We study the task of retrieving relevant experiments given a query experiment. By experiment, we mean a collection of measurements from a set of `covariates' and the associated `outcomes'. While similar experiments can be retrieved by comparing available `annotations', this approach ignores the valuable information available in the measurements themselves. To incorporate this information in the retrieval task, we suggest employing a retrieval metric that utilizes probabilistic models learned from the measurements. We argue that such a metric is a sensible measure of similarity between two experiments since it permits inclusion of experiment-specific prior knowledge. However, accurate models are often not analytical, and one must resort to storing posterior samples which demands considerable resources. Therefore, we study strategies to select informative posterior samples to reduce the computational load while maintaining the retrieval performance. We demonstrate the efficacy of our approach on simulated data with simple linear regression as the models, and real world datasets.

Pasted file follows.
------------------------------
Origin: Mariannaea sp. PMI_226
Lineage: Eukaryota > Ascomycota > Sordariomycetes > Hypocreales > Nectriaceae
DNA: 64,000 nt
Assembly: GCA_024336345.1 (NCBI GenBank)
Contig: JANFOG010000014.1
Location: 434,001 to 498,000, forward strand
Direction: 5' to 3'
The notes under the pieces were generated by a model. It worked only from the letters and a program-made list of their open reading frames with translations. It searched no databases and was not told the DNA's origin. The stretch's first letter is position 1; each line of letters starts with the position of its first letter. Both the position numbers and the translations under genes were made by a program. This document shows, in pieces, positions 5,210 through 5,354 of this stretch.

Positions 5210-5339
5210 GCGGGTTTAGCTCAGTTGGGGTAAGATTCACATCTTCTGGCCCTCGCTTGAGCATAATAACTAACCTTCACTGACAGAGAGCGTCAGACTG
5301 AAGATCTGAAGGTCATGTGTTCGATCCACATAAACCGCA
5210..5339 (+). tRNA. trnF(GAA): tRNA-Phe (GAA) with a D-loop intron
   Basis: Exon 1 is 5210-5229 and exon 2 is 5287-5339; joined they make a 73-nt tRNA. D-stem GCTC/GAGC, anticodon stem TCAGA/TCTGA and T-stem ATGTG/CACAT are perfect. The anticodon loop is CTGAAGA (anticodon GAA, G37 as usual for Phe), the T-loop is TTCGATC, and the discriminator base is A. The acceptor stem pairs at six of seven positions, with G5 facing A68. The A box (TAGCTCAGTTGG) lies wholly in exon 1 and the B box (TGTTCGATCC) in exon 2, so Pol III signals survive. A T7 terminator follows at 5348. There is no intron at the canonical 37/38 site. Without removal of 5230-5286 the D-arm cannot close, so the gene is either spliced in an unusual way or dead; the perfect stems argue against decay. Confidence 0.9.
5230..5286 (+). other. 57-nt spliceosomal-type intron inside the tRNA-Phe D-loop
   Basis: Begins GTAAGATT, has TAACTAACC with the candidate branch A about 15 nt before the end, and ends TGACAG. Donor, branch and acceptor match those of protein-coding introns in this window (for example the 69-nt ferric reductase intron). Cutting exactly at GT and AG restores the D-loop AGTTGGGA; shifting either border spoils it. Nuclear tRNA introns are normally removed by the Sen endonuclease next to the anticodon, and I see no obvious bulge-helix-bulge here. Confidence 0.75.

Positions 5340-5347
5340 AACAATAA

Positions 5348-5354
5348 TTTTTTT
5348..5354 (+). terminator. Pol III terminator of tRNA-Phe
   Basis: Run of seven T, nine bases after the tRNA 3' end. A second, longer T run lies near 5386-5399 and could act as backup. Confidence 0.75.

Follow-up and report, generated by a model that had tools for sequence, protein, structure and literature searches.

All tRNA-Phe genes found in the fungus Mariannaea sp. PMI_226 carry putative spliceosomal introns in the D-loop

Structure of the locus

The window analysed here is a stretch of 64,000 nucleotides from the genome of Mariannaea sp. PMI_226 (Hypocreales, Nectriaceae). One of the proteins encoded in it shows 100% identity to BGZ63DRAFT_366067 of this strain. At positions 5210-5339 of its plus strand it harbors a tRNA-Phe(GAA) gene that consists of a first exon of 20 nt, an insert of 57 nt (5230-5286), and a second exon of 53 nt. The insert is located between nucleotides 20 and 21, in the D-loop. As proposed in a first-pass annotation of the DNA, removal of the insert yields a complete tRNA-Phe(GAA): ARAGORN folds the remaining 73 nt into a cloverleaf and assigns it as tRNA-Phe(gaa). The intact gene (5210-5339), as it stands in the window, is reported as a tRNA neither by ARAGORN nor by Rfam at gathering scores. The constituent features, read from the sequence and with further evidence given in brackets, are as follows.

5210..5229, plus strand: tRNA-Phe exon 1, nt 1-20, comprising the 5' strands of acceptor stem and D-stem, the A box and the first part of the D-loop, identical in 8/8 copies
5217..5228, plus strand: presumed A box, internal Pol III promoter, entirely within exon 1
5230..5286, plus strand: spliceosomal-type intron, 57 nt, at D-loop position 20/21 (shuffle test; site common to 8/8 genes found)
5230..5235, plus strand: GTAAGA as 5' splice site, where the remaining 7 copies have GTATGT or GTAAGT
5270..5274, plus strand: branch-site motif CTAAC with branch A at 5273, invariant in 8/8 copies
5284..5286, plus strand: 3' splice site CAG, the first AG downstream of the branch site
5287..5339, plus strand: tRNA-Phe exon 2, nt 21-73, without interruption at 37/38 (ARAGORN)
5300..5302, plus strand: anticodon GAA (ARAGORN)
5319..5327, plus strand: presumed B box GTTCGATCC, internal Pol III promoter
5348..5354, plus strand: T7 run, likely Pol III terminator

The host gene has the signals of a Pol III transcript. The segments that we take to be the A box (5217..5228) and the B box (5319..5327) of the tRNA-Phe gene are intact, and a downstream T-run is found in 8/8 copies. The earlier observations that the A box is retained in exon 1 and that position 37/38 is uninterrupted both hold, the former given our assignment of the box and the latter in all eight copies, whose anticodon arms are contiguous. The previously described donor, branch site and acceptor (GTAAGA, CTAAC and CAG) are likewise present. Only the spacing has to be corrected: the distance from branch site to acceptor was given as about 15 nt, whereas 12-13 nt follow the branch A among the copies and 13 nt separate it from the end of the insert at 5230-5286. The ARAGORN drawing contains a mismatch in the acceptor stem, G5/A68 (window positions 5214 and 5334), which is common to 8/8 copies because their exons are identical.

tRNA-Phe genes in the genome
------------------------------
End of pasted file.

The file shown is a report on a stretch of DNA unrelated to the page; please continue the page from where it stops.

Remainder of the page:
|Number of pages||11|
|Publication status||Published - 19 Feb 2014|